Sometimes in the homework, the solutions would include KOH instead of OH. Is there a reason for this and should we include salts in our cell diagrams too?
Sun Feb 24, 2019 9:24 pm
Forum: Balancing Redox Reactions
Topic: Salt bridge
Replies: 1
Views: 83

### Re: Salt bridge

In the cell, electrons move from the anode to the cathode which would make the cathode extremely negatively charged. If left like this, electrons would not travel toward the cathode any longer due to the buildup of a negative charge there. The salt bridge helps maintain a neutral state for both solu...
Sun Feb 24, 2019 9:18 pm
Forum: Work, Gibbs Free Energy, Cell (Redox) Potentials
Topic: Spontaneous?
Replies: 13
Views: 398

### Re: Spontaneous?

I think the only way to be sure of spontaneity is when ΔG is negative (when ΔH −TΔS is negative) though I could be wrong.
Sun Feb 24, 2019 9:15 pm
Forum: Work, Gibbs Free Energy, Cell (Redox) Potentials
Topic: Spontaneous Process
Replies: 2
Views: 89

### Re: Spontaneous Process

A process is spontaneous when ΔG is negative (when ΔH < TΔS).
Sun Feb 17, 2019 7:44 pm
Forum: Entropy Changes Due to Changes in Volume and Temperature
Topic: Calculating entropy
Replies: 4
Views: 134

### Re: Calculating entropy

When we calculate the two independently, we are essentially splitting it up into steps which is allowed since entropy is a state function. First we change the volume and then we change the temperature to reach the final form.
Sun Feb 17, 2019 7:42 pm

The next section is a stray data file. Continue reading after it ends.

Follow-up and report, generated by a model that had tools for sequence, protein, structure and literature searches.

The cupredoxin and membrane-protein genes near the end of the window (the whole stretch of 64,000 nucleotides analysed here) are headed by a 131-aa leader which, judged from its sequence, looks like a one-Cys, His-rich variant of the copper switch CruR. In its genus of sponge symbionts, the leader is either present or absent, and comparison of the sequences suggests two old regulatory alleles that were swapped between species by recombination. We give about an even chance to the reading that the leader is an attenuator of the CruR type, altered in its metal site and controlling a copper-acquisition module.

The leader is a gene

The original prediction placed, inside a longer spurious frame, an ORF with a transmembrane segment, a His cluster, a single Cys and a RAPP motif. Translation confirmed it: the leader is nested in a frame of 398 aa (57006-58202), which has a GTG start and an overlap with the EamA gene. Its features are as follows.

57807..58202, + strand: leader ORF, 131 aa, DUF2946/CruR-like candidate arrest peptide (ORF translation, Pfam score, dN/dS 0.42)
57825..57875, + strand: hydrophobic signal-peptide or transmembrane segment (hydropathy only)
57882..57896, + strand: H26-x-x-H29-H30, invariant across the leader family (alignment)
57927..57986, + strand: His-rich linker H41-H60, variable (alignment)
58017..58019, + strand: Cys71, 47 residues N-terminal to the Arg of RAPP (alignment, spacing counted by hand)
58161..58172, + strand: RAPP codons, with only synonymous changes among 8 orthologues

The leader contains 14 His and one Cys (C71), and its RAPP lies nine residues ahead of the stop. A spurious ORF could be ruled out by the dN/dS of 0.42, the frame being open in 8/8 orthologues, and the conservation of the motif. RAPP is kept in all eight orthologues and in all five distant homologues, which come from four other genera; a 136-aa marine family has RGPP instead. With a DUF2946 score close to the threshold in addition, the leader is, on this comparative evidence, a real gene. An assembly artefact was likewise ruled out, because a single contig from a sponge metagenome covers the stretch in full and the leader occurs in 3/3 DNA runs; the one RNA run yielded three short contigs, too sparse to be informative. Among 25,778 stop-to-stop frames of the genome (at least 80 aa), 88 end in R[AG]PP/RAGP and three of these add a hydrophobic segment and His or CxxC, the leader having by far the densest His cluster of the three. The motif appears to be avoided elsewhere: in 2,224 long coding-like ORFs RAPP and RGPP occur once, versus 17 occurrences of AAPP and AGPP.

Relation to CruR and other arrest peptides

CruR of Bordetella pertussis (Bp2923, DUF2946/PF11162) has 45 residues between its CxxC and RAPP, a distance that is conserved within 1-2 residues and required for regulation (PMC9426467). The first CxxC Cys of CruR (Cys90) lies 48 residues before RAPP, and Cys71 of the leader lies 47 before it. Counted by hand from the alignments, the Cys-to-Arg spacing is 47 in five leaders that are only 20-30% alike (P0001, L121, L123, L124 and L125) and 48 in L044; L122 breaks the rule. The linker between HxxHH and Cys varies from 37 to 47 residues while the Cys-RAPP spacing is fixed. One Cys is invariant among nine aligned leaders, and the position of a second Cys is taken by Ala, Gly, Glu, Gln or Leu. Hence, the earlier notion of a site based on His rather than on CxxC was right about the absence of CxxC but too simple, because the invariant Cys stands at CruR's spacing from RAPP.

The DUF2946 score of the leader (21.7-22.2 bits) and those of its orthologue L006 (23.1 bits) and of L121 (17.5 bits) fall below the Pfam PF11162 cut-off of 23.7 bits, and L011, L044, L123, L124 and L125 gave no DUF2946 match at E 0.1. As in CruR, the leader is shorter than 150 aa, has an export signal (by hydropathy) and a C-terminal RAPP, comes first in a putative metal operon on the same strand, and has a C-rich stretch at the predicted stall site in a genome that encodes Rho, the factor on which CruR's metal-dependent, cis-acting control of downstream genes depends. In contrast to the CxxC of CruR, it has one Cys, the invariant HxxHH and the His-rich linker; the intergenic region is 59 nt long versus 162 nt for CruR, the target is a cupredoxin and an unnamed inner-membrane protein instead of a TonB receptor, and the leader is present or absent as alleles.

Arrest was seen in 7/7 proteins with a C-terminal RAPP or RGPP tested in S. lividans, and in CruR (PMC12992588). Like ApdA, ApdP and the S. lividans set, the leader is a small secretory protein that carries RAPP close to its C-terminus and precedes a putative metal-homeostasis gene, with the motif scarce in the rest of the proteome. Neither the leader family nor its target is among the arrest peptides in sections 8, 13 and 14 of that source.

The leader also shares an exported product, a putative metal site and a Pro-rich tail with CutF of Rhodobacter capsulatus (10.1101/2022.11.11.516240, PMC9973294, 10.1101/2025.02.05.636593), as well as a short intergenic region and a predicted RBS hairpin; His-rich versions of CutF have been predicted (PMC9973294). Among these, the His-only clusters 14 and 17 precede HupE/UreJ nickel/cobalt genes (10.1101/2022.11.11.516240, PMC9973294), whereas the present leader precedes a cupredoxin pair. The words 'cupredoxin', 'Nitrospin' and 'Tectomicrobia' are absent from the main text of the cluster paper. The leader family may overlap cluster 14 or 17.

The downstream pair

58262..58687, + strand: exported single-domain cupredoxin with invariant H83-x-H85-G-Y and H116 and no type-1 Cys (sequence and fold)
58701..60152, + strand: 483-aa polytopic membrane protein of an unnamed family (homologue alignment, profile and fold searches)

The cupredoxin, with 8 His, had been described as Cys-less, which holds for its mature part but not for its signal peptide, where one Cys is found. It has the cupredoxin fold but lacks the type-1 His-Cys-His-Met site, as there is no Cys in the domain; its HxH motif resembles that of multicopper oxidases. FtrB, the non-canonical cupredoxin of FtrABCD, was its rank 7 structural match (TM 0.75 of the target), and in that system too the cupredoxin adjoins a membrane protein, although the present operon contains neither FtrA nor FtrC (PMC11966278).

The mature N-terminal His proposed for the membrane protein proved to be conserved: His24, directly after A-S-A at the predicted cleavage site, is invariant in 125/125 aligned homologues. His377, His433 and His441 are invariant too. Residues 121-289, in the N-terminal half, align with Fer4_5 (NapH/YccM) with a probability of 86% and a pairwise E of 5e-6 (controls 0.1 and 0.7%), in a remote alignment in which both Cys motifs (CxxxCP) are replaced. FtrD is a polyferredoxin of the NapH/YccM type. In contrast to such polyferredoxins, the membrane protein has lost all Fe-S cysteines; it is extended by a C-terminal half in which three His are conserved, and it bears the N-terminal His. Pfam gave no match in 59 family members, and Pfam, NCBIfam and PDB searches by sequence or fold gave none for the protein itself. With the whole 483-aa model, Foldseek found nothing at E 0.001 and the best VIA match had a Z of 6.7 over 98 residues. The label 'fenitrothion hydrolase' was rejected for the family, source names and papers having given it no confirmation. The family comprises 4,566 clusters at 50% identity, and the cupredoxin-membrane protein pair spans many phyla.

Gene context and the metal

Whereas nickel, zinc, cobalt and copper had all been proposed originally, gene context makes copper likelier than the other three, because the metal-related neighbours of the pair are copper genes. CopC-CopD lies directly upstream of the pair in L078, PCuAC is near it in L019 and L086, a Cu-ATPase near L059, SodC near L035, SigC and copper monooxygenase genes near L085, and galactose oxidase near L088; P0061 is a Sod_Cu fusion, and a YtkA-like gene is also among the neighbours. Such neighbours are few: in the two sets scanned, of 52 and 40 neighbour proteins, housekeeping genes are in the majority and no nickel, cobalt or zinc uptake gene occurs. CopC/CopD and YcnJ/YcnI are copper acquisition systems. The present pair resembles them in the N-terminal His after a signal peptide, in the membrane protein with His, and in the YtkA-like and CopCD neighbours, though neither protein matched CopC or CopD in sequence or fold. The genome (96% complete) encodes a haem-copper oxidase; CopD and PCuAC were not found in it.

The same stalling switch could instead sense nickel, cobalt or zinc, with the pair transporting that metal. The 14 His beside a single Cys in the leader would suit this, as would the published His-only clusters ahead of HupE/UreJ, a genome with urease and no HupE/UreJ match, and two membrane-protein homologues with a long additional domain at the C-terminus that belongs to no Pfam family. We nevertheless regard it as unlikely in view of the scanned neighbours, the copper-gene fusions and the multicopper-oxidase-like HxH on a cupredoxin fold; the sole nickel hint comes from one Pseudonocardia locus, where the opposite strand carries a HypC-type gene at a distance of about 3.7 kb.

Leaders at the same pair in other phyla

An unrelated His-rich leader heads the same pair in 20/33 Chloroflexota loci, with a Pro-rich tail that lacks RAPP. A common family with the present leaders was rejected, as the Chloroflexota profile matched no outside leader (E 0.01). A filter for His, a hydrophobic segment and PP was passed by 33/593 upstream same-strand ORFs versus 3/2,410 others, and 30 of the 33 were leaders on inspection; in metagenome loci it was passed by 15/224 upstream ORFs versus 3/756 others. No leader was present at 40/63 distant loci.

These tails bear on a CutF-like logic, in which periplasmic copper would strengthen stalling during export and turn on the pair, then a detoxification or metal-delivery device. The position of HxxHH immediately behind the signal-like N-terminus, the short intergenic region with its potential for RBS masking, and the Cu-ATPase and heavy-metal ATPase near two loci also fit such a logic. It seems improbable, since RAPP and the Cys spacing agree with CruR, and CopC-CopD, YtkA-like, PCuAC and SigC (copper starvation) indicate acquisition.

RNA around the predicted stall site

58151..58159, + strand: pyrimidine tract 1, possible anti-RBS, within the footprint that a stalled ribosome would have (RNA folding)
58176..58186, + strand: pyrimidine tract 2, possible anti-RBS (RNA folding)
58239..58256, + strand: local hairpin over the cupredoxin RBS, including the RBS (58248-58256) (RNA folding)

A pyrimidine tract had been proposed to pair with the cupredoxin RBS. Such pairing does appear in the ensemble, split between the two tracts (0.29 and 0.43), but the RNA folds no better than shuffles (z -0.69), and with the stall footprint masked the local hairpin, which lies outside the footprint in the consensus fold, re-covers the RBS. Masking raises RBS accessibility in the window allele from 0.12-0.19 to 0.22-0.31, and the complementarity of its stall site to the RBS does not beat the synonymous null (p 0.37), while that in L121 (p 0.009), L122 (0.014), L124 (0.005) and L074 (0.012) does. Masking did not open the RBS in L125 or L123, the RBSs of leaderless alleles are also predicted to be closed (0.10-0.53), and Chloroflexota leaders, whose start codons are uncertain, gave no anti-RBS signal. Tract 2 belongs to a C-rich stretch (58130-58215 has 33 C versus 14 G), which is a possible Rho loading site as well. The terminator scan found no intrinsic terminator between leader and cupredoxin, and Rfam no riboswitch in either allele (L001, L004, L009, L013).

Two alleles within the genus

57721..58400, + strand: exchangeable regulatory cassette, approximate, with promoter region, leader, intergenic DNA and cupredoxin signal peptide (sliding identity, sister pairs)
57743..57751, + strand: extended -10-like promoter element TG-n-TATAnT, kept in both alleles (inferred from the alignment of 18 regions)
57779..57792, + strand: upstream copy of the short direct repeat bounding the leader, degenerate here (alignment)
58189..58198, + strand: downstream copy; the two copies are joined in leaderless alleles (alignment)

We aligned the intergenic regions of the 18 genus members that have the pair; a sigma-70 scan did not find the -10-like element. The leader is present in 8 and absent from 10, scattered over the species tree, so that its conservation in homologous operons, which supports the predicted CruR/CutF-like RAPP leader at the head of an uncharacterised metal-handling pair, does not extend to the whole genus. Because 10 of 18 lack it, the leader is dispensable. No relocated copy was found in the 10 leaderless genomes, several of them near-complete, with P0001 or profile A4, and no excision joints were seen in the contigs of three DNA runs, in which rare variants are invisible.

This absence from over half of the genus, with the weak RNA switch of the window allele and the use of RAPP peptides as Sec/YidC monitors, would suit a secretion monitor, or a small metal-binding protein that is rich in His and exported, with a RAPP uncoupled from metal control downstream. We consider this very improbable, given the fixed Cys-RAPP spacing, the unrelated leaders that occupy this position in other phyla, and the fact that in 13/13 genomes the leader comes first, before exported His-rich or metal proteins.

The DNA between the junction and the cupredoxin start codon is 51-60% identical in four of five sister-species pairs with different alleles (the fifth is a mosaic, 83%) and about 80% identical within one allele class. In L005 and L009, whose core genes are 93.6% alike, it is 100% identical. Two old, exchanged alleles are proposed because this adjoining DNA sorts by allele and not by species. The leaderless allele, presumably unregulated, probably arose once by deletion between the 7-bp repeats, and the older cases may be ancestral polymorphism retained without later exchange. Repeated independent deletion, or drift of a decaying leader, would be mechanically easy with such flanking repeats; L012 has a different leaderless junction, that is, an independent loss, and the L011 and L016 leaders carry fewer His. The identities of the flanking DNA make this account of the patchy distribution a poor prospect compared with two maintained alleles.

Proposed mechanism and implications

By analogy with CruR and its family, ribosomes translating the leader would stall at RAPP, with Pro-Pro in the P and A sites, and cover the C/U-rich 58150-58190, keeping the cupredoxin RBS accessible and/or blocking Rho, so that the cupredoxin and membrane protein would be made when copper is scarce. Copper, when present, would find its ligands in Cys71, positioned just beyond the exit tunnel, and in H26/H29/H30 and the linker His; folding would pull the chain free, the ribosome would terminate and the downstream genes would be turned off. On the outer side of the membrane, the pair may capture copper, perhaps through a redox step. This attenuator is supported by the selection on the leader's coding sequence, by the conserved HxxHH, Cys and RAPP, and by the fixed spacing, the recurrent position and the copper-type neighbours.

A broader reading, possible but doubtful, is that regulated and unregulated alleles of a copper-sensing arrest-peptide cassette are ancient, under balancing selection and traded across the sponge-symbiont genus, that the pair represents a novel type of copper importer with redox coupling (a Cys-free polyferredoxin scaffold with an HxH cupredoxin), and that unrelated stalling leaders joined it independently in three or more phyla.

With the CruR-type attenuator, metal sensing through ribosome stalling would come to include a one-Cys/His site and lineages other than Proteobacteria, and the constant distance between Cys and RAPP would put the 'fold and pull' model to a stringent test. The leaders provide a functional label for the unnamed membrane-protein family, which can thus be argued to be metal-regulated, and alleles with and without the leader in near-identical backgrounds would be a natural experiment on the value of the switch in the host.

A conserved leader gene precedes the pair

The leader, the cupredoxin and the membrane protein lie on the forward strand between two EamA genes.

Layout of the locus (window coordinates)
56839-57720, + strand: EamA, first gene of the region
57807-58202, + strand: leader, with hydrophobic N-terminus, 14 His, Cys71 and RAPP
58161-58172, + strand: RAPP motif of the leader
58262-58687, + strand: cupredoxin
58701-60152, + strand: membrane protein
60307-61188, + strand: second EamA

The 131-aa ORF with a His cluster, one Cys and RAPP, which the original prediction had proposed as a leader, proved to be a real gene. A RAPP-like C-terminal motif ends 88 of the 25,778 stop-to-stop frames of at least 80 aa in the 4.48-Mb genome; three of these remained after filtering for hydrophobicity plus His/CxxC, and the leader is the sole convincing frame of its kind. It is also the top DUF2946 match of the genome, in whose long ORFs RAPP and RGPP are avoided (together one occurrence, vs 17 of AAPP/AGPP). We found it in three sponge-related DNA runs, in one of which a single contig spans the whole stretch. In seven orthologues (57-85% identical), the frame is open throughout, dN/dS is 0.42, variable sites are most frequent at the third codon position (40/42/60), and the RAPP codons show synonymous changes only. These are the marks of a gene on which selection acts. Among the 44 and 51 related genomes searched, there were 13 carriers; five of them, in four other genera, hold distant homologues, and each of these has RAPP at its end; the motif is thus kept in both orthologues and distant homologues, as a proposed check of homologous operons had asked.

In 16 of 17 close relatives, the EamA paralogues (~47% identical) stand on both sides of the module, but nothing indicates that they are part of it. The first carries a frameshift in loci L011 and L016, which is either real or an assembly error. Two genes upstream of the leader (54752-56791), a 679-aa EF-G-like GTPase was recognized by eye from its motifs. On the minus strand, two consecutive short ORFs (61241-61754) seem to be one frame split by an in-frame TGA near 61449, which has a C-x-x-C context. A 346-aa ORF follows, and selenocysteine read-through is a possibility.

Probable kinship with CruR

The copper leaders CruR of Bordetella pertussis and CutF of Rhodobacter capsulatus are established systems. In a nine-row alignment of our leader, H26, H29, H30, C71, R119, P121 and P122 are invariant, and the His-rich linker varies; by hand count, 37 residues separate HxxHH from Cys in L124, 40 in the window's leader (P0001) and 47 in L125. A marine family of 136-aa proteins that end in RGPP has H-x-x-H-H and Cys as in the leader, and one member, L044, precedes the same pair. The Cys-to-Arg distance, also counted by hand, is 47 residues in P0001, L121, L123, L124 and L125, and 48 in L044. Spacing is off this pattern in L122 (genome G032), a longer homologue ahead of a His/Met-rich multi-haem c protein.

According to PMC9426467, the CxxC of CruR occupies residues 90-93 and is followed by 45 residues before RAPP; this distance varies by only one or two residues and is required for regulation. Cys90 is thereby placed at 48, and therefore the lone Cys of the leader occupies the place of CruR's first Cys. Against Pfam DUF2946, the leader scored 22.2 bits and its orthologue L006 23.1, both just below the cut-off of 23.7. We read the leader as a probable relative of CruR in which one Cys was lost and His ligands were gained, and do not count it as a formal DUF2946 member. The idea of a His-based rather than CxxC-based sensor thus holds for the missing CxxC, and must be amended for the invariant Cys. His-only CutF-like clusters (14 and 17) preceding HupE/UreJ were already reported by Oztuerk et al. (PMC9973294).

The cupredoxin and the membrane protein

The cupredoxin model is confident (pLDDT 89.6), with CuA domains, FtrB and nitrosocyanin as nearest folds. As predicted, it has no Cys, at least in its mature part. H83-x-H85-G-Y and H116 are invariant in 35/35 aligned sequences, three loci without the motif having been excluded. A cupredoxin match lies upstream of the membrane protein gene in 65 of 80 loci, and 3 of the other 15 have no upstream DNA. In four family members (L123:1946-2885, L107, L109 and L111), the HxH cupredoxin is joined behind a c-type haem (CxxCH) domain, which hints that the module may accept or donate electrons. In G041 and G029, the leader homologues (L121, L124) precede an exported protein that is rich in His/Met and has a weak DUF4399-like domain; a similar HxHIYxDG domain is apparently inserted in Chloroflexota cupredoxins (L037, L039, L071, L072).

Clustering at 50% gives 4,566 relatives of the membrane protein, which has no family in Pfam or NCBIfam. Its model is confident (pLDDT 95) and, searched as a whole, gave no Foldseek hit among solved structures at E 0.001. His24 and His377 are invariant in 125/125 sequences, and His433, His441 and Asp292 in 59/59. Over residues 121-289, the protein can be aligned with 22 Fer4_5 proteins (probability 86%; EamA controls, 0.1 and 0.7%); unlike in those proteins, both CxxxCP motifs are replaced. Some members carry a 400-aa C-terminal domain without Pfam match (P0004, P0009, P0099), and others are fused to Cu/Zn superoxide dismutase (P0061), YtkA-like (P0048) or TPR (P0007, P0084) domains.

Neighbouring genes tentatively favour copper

Forum: Gibbs Free Energy Concepts and Calculations
Topic: Intensive vs extensive
Replies: 4
Views: 148

### Re: Intensive vs extensive

I would assume that Gibbs free energy is an extensive property since the feasibility of a reaction depends on factors such as the amount of matter/availability of reactants, etc. Please correct me if I'm wrong!
Fri Feb 15, 2019 8:19 pm
Forum: Calculating Work of Expansion
Topic: Work without change in volume
Replies: 8
Views: 520

### Re: Work without change in volume

If there is no change in volume, no work will be done. If you are referring to an isothermal process with constant pressure, then I'm pretty sure work = -(external P)(Delta V).
Sun Feb 10, 2019 7:57 pm
Forum: Heat Capacities, Calorimeters & Calorimetry Calculations
Topic: Using R
Replies: 10
Views: 355

### Using R

How do I know which R to use and when? Thanks.
Sun Feb 10, 2019 7:51 pm
Forum: Concepts & Calculations Using First Law of Thermodynamics
Topic: Effects of Constant Volume or Temp
Replies: 1
Views: 73

### Re: Effects of Constant Volume or Temp

Constant volume means that no work is done and so delta U is equal to q. When temperature is constant, delta U is equal to 0.
Sun Feb 10, 2019 7:49 pm
Forum: Concepts & Calculations Using First Law of Thermodynamics
Topic: U = (3/2)nRT
Replies: 2
Views: 118

### U = (3/2)nRT

When do we use the equation U = 3/2 nRT? I saw this on the constants and equations sheet but I have no idea when to use it.
Sun Feb 03, 2019 11:25 am
Forum: Concepts & Calculations Using First Law of Thermodynamics
Topic: kJ vs J
Replies: 9
Views: 227

### Re: kJ vs J

Either should be fine as long as you are consistent in your calculations and make sure that everything matches up properly.
Thu Jan 31, 2019 5:18 pm
Forum: Heat Capacities, Calorimeters & Calorimetry Calculations
Topic: Extensive vs. Intensive
Replies: 5
Views: 450

### Re: Extensive vs. Intensive

I am not entirely sure about extrinsic versus intrinsic though I think they are similar. Intrinsic properties are ones that do not depend on outside factors / amount of substance such as boiling point/density whereas extrinsic properties depend on outside factors / amount of substance such as weight...
Thu Jan 31, 2019 11:25 am
Forum: Heat Capacities, Calorimeters & Calorimetry Calculations
Topic: Heat Capacity
Replies: 5
Views: 210

### Re: Heat Capacity

To build on, heat capacity is therefore an extensive property because heat capacity is the heat required to raise the temperature of an object by 1 degree celsius. The heat required to raise the temperature of an object depends on how much of the object there is or the amount of substance.